SAN FRANCISCO--It wouldn't be a gaming conference without a "State of..." panel, and the Game Developers Conference Indie Games Summit fulfilled that requirement Tuesday evening with the final spot on its two-day schedule, a panel discussion titled "The State of Indie Games." The panel expressed a range of attitudes toward the future of indie gaming, with degrees of optimism running the gamut from cautious to unbridled.
Jamie Cheng, president of Eets: Chowdown developer Klei Entertainment, kicked the session off with a hope that the future of indie gaming will see the niche shed some of the assumptions people have about the scene. Specifically, he takes exception to the notion that indie games have to be "quirky," since that's often a code word for "not commercially viable."
"That's the kind of stigma we can fight to change," Cheng said. "We can educate distributors that any developer should and can create different games, but also if they choose to, that they can create mass [market] games."
That hope reflects Cheng's personal view of indie games. As president of Klei, Cheng must handle both business and development concerns, two tasks he loves so much that he said he could never make a game purely for commercial or artistic success. Presumably, Klei's current project, a microtransaction-driven, free-to-play game set to be published by Nexon, is a satisfactory balance of profit potential and artistic endeavor.
Grubby Games cofounder Ryan Clark was slightly reserved in his appraisal of indie gaming's future. While he was confident the medium would thrive, he was less confident about the prospects of any individual developer or studio in an increasingly competitive section of the market. Having a great game is by no means a guarantee of continued success, he noted.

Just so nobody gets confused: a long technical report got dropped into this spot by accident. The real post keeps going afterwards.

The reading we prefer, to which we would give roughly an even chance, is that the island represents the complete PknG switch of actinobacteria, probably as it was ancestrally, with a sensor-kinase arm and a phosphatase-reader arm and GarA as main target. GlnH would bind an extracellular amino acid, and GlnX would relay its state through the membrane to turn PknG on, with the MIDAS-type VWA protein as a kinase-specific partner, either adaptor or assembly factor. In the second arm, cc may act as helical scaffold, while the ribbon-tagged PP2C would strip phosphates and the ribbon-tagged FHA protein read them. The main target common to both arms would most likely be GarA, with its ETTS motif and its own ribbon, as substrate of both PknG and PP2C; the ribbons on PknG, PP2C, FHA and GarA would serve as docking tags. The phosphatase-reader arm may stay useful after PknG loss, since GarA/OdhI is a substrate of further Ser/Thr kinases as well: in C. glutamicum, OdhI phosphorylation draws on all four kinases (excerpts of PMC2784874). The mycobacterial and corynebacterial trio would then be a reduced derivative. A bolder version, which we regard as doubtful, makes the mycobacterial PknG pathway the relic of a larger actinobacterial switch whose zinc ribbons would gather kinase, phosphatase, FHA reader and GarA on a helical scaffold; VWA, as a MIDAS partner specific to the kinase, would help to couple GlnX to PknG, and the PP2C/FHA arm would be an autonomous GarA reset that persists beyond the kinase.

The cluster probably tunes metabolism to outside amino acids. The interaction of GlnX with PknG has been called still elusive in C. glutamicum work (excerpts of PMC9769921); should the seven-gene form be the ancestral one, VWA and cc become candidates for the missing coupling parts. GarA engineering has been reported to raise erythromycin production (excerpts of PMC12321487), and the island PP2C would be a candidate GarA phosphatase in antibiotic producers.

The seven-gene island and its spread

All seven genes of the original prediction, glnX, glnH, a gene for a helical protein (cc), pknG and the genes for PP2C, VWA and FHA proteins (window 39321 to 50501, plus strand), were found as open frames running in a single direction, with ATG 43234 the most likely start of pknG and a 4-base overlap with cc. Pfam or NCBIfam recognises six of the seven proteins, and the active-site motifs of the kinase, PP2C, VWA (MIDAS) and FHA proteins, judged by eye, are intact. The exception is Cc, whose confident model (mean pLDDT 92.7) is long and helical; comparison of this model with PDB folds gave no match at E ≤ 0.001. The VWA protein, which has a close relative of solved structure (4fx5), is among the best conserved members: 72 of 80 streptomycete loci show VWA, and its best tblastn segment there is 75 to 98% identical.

"It's not for the faint of heart... The bottom line is it takes more than great hair to be the next Jon Mak," Clark said, referring to his fellow panelist and Everyday Shooter creator.
For his part, Mak focused less on business prospects and more concerned with the way the gaming medium will evolve. When he first started developing, Mak said that programming even the simplest of actions was an intricately technical process. As such, he said, technical-minded people were more commonly successful with game development, and that has led to a preponderance of games built on lots of rules.
Mak pointed to 2006's Xbox 360 hit Gears of War as an example of a rule-driven game. Players must keep a wealth of rules in mind during the game's moment-to-moment gameplay. How much ammunition is left in the clip? Which actions can be performed in cover mode? Which actions can be performed while running?
However, with the barriers to game development lowering and the process becoming more open to novice coders, Mak said the creative forces behind the games will drift further from the rule-driven action of Gears of War. As for how to turn those ideas into reality, Mak stressed the need to get straight to the heart of the matter.
"Just go and code the game you want to make," Mak said. "A lot of indies think, 'I want to make this game but I can't because nobody will buy it.' That's bulls***. Just make it. Or they'll say they can't work on a game yet because they need a design document first because that's how you do it. That's bulls***. Just go and do your game. I didn't really start feeling like I was doing what I wanted until I adopted that. Before I used to try and make design documents and do things the proper way, define indie games and all that. But once I dropped all that s***, that's when the good stuff happened."
That message aside, Mak did end the session's question-and-answer segment with a tongue-in-cheek definition and a shameless shill for a peer. "If you don't go and buy N+ tomorrow on XBLA, you're not indie," he declared, prompting a volley of laughter.